Great companies need to follow up on the claims they make to prospective employees on their alignment with sustainability and D&I objectives, with positive action to ensure that is what new employees actually experience when they start work. According to HSBC’s Balachandran: “Sustainability is about being relevant, reliable, resilient and responsible, and that touches not just the environmental piece, but diversity and inclusion as well. If you’re not addressing those points, then you should question how sustainable you actually are and what that means for an individual wanting to join your organisation.”

A company’s culture is of the utmost important, according to de Saivre, with SGEF’s Care and Dare strategy putting ESG at the centre of SGEF’s vision. The Care and Dare motto focuses on the future and the planet and goes beyond ESG. ‘Care’ highlights the need for “true alignment” with employees’ values and the impact these values can have.

To ‘dare’ is to push the boundaries, linking to entrepreneurial innovation that is needed in the industry. Whilst guidelines are needed, innovation and experimentation are essential to confront new ways of looking at things. The industry needs to dare and take risks, but this can be difficult to implement in a larger organisation due to understanding and accepting new risk factors. Individuals need to be allowed to experiment and take “new” risk in order to feed innovation and new transactions, according to de Saivre who commented that, “if you want to move forward, you have to dare.”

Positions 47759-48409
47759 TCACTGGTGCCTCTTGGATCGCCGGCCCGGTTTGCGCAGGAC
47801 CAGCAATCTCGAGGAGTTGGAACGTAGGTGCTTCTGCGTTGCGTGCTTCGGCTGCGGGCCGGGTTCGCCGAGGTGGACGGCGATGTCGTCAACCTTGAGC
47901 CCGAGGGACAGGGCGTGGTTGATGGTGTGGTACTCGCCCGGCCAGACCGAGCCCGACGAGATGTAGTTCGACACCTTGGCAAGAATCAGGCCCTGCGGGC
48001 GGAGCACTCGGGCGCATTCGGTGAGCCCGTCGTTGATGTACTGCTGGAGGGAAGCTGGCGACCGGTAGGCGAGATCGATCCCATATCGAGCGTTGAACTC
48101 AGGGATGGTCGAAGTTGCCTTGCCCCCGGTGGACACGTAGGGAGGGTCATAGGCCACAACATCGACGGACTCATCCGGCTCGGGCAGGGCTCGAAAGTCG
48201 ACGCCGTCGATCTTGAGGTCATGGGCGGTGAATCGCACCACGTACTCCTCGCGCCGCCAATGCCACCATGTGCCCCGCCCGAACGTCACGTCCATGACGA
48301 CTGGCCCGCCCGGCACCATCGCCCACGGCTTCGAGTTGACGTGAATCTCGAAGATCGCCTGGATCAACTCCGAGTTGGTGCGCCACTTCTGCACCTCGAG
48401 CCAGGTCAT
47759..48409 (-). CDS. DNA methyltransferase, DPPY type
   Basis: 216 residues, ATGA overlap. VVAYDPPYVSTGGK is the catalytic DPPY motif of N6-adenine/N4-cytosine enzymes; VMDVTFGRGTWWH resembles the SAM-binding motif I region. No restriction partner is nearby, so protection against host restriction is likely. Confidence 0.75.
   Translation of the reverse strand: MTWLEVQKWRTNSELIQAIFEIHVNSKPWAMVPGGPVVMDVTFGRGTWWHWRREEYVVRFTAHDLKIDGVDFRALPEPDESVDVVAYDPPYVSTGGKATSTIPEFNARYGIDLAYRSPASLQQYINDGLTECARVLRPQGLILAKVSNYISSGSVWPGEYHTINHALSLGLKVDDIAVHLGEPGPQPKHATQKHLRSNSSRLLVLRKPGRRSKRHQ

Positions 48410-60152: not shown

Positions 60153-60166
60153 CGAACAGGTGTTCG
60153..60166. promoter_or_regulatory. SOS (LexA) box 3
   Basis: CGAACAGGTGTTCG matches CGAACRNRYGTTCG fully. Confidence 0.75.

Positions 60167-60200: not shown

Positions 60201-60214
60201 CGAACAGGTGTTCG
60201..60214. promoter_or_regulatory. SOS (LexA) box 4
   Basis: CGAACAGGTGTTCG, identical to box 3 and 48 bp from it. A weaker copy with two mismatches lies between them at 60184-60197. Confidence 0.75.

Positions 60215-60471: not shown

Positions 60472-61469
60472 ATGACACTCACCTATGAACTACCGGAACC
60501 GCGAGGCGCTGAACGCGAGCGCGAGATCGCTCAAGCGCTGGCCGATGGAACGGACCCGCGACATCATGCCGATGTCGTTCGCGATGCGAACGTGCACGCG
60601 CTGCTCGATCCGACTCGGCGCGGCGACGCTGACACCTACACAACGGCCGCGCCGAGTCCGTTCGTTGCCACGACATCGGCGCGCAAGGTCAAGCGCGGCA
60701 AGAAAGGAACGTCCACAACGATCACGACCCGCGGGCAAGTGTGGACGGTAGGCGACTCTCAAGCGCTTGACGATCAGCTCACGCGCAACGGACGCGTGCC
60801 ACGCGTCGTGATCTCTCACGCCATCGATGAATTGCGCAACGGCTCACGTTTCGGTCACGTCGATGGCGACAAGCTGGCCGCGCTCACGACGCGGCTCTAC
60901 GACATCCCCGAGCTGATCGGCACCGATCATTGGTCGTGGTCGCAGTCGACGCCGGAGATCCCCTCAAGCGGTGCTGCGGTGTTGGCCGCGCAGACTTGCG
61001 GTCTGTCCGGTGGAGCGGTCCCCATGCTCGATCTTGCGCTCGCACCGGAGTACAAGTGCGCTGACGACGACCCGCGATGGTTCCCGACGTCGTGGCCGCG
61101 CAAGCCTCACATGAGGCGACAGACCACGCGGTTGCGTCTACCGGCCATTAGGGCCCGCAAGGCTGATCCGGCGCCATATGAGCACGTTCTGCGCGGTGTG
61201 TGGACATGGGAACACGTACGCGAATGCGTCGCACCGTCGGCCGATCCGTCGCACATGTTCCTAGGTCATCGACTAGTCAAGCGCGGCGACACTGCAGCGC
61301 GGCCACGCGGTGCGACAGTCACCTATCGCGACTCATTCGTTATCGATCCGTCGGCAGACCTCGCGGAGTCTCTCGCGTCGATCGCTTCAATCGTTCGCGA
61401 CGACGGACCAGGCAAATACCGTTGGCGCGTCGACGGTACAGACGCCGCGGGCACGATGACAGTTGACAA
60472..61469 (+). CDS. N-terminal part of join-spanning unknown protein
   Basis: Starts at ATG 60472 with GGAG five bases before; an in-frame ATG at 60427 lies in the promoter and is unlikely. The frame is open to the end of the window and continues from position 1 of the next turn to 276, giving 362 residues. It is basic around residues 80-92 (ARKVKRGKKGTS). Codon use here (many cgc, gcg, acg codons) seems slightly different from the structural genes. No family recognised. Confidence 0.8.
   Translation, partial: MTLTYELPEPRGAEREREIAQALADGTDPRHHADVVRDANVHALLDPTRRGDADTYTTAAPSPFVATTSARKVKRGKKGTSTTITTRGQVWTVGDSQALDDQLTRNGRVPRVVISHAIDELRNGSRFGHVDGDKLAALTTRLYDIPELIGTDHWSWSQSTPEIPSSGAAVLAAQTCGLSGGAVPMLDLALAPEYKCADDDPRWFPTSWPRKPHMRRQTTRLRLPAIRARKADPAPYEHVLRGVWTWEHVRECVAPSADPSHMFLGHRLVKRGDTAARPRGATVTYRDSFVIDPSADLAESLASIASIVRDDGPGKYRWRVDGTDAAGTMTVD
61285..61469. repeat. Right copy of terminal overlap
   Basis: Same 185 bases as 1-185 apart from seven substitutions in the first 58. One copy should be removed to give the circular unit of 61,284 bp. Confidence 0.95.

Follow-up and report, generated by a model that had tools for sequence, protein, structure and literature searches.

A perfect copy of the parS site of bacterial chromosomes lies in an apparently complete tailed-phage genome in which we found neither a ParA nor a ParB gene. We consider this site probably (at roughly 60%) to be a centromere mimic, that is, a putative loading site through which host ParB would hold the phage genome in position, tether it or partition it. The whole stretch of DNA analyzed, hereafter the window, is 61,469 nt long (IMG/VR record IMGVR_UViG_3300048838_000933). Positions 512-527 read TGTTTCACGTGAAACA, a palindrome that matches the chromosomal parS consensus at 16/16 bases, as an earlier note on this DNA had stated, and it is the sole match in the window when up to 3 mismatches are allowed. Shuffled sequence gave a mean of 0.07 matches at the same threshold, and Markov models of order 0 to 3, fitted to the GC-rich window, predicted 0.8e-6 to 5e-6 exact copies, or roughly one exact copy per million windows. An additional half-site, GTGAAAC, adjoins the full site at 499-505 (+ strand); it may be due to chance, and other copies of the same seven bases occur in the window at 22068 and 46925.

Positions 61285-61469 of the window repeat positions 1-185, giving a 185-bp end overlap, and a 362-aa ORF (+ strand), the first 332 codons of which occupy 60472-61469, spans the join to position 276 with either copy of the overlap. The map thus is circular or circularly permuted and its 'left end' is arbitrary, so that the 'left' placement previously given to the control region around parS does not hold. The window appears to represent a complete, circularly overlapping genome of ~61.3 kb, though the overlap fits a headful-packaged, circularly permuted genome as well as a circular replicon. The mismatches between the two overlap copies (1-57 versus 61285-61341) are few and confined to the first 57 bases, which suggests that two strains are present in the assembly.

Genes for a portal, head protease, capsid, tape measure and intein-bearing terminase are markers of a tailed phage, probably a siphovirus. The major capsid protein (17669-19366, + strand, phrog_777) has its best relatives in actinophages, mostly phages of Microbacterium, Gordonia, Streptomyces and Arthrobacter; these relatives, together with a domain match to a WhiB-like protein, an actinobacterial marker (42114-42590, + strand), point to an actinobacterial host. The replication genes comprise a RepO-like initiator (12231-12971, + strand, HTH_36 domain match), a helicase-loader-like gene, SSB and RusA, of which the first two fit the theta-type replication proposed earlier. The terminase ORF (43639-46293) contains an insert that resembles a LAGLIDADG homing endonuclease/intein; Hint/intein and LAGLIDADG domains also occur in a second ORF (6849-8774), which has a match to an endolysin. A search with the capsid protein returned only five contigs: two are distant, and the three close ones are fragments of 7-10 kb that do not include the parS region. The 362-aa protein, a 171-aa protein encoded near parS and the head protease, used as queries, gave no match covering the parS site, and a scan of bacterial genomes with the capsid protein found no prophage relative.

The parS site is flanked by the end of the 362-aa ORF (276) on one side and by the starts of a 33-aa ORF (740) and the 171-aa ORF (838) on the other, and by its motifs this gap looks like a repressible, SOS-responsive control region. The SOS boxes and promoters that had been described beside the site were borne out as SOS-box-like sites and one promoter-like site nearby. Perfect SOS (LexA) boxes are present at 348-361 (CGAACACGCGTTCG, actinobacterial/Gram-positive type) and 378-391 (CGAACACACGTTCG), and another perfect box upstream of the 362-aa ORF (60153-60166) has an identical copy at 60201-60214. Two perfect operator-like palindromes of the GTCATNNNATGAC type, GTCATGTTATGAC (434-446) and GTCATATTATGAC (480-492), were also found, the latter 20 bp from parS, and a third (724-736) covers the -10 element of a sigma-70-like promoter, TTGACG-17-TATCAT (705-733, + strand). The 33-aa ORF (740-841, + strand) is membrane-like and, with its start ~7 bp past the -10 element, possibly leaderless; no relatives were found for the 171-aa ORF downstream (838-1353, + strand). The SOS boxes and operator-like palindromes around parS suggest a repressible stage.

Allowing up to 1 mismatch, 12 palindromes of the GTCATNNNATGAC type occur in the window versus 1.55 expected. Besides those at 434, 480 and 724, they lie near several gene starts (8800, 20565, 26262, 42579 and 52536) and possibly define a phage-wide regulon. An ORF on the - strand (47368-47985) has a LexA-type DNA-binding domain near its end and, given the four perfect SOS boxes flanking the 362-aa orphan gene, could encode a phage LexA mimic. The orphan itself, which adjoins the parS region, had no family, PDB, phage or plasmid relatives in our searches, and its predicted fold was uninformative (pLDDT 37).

As part of HSBC’s leadership team, Sacha Balachandran promotes the encouragement of employees, giving them the space to be entrepreneurs (both internally and externally). As well as challenges, there are also benefits to working for a big banking organisation: you can attract diverse talent across the group (from different markets, jurisdictions, experiences) and can leverage the brand. This helps to build diversity of thought, experience and skills, which in turn has the ability to challenge the status quo.

Circular economy

In the Circular Economy Action Plan of March 11, 2020, the European Commission highlighted the move away from the prevailing “take-make-use-dispose” model of the linear economy into a circular economy to keep the resources used in the economy for as long as possible. Resources should be used efficiently, with every phase in a products’ lifecycle being designed to ensure the product, and its individual components, are used to their maximum potential.

Many asset and equipment finance companies have been promoting the transition to a circular economy for a number of years, focusing on refurbishing and recycling their assets and components to ensure that assets are used throughout their lifecycle and recycled accordingly.